In the space science community, tholins (Sagan and Khare, 1979) are the most discussed organic compounds in asteroids and Titan. Tholins are refractory organic materials formed by UV photolysis of reduced gas mixtures under cold plasma conditions. They share some commonality with HCN polymers (Matthews and Minard, 2006) in that they are both complex organic solids rich in N. What tholins, HCN polymers, and kerogen-like materials seen in proto-planetary nebulae have in common is that they are all amorphous carbonaceous compounds. If one applies energy to a mixture of organic molecules, amorphous organic structures similar to tholins or tar are the most likely products. It is therefore not surprising that nature is able to make amorphous organic solids with ease.
The origin of organic solids in the Solar System is still under debate. Many in the space science community take the position that these organics were made after the formation of the Solar System. The tholins-like materials on the surface of Titan is believed to have condensed from organic aerosols in the atmosphere, which in turn are formed from organic gas molecules through chemical reactions in the atmosphere. However, comets are formed in the coldest regions of the Solar System and are not expected to have undergone significant thermal or chemical processing until they venture into the inner Solar System. The detection of D and 15N enrichment in the organics collected from Wild 2 by STARDUST suggests that some particles may be of presolar origin (Sandford et al., 2006). Isotopic measurements of IDPs have shown evidence for deuterium enrichment, with D/H values as high as 50 times the Solar System values being found (Messenger, 2000). These results suggest that these IDPs contain remnants of interstellar materials which survived the formation of the Solar System. The elevated ratios of 15N/14N and D/H in organic globules in the Tagish Lake meteorite provides additional evidence that interstellar organics are present in the Solar System (Nakamura-Messenger et al., 2006). All these pieces of evidence suggest that at least some of the organics current present in the Solar System are remnants of interstellar materials inherited from our parent molecular cloud.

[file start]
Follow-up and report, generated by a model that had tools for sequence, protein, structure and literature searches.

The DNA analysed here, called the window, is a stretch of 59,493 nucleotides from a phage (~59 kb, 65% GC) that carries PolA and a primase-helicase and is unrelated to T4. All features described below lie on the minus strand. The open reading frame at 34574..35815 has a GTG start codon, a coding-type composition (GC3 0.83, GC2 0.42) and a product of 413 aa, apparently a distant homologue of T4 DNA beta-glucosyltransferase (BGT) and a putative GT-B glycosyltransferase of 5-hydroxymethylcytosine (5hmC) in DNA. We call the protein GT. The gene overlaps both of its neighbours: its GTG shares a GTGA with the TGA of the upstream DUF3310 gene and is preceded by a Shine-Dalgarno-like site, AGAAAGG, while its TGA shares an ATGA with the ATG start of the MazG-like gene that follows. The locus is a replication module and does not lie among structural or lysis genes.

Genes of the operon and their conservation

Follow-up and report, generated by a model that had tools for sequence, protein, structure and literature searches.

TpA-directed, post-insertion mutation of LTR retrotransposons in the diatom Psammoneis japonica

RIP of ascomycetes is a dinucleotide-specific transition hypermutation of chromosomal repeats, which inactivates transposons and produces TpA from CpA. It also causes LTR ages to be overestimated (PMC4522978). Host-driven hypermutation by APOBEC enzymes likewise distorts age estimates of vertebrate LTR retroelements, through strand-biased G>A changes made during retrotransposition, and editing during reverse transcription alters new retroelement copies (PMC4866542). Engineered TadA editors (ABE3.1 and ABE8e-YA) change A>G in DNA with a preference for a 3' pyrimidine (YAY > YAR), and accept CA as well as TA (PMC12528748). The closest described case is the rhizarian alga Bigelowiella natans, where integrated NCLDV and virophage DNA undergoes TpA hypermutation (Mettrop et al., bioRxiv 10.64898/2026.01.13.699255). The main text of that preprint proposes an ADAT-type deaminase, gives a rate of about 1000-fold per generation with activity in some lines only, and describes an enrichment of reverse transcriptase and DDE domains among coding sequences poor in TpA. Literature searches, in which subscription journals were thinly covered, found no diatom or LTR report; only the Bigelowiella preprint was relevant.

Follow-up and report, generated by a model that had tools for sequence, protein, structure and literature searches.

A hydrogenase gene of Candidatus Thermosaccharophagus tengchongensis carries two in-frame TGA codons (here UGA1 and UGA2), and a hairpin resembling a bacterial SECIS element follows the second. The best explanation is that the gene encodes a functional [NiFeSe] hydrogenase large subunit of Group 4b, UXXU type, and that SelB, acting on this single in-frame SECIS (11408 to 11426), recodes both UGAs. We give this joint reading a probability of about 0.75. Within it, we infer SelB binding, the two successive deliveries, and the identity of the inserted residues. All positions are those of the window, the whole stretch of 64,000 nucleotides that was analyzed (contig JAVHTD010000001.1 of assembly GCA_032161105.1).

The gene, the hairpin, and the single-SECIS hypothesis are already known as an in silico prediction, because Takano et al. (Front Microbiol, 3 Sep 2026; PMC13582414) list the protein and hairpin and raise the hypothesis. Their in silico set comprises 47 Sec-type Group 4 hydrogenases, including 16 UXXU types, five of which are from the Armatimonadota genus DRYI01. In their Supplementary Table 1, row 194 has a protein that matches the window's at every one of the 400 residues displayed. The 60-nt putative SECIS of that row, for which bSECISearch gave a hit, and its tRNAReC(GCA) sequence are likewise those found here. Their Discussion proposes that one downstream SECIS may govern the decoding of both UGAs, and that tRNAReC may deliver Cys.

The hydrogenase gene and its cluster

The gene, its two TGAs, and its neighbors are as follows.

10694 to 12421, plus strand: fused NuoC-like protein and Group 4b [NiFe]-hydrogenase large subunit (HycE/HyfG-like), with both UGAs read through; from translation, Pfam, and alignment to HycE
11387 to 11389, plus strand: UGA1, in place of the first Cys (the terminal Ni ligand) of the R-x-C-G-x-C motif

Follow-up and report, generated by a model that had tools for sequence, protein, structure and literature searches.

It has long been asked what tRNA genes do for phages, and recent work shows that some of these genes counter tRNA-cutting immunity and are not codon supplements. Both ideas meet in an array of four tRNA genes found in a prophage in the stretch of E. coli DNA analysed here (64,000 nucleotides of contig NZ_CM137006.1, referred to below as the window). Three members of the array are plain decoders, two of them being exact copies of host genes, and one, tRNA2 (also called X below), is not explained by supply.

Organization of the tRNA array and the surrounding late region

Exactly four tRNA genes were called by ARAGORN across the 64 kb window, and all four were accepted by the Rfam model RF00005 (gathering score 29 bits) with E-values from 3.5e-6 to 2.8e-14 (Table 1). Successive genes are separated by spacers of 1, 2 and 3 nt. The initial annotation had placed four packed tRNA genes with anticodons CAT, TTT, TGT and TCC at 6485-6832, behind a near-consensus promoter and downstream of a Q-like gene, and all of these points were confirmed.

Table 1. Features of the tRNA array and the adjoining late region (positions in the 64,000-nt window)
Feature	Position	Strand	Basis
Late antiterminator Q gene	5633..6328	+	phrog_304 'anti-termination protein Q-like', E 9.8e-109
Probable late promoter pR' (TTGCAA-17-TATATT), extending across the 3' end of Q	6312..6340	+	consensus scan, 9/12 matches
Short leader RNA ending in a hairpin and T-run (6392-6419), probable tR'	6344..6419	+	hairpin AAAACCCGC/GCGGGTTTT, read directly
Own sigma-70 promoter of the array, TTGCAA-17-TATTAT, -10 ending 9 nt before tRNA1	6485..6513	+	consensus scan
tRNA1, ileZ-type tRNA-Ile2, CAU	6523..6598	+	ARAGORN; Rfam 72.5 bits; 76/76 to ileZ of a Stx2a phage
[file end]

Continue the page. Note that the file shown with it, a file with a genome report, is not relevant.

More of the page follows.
Organic solids are seen in interstellar clouds (e.g., molecular clouds surrounding sites of star formation) and diffuse interstellar medium. Do these organics form in situ from gas-phase molecules? Since all we have is a snap-shot of the chemical make-up of these clouds at the present time, there is no information on how these compounds are formed. The only concrete evidence of the formation of organic solids is in the circumstellar environment, where we know, e.g., in the late stages of stellar evolution, complex organics are synthesized on thousand year, or even hundred year, time scales.